Human Capital: Why Russia Still Won’t Invest in Itself

16.03.2017

According to Oksana Sinyavskaya, Deputy Director of Independent Institute for Social Policy and Associate Professor of the HSE Department of World Economy and Policy, Russia is revising its secondary and higher education systems in order to keep up with the pace of technological progress. However, the country’s  market structure must be changed in order to improve human capital.

"We have significant human potential: nearly 40 percent of our young people have received higher education,” Oksana Sinyavskaya said in an interview with Club 2035, a partnership project of Valdai Club and the company RVC. “In terms of formal volume, the picture looks wonderful, but in terms of quality of education and human capital, things are much worse. The current level of investment in education and lifelong learning tells us that the workforce is not being refreshed or retrained. In this sense, we may lose the competition in the sphere of technological evolution.”

“From the point of view of the state, there’s an understanding that we are lagging behind in terms of technological progress, which will make the state look at the entire education system from a different perspective, because it is imperative to revise school and university education and make it more general, so that people can better adapt in life,” Sinyavskaya said.

Nevertheless, it would be incorrect to talk exclusively about the role of the state, she said. Currently, Russian businesses, which should be interested in the professional growth of their employees, benefit from the ability to hire young employees who are always in fresh supply and who do not cost much in terms of capital outlay.

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“The workforce responds to the fact that salaries are not yet responsive to improvements in the quality of human capital,” Sinyavskaya said. “We have better chances of getting a raise if we change jobs, so Russia's employees prefer to go from employer to employer looking for better compensation. Once people realize that they can keep the same job and have their salaries increase as they grow professionally − no matter where the raises come from, the state or businesses themselves − people will begin to invest more in their own training.”

“With regard to additional incentives, there’s a need to change the labor market model,” she explained. “As long as it makes more economic sense to hire new people or change jobs, and as long as salaries in Russia respond to every crisis, unfortunately, there will be few incentives to invest in lifelong learning. However, this is fraught with risks, and changing the labor market model may give rise to unemployment.”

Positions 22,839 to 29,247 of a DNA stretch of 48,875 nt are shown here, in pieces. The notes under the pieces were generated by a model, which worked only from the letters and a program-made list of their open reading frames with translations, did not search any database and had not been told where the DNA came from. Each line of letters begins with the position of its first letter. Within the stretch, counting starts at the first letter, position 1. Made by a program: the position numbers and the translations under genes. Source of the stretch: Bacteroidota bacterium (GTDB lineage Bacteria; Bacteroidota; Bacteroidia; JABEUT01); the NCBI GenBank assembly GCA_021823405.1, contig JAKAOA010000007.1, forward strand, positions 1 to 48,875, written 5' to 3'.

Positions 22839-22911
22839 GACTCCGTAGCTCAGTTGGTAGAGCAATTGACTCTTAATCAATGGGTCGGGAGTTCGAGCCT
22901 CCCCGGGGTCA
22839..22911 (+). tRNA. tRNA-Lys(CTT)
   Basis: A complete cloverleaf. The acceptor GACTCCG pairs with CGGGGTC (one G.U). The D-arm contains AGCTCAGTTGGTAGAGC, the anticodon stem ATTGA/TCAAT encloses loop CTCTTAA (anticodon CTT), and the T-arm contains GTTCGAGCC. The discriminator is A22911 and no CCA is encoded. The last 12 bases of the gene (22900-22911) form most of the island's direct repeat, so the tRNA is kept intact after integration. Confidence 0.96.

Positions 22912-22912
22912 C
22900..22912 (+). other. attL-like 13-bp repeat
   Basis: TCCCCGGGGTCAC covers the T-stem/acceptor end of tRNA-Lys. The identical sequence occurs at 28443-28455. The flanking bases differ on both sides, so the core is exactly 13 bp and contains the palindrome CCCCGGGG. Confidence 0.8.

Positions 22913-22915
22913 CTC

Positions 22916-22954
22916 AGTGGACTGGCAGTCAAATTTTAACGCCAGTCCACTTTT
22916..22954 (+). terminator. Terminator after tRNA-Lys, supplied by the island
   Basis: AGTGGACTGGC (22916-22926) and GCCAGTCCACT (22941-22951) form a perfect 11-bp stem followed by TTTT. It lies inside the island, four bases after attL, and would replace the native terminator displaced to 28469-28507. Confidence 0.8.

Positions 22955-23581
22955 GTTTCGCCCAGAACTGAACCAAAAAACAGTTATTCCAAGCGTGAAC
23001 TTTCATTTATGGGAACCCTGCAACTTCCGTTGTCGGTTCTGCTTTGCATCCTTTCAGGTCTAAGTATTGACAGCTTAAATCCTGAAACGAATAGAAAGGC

The aging population is another challenge. “In the near future, we will see not just an increase in the number of senior citizens, but also an older employable population,” Sinyavskaya said. “We need to adapt to that. This combination of challenges could spur Russia to embark on a path of innovation-driven development.”

Of the changes that took place in recent years and that could have a positive impact on the labor market, the expert highlights investments in the healthcare sector, and the growing popularity of healthy lifestyles.

As she explained, the healthcare industry focuses on promoting innovation-driven areas, which helps increase life expectancy due to a decrease in infant mortality and disease prevention in older age. “The second element,” she said in closing, “is healthy lifestyles, and I’m more optimistic about the situation than many demographers, because sociological studies show that younger generations are more willing to invest in their health and are less prone to the habits of smoking or alcohol consumption that tend to reduce life expectancy. This is our potential that will help reduce the mortality rate among median working ages and to overcome Russia lagging behind the developed countries in this sense.”

Views expressed are of individual Members and Contributors, rather than the Club's, unless explicitly stated otherwise.

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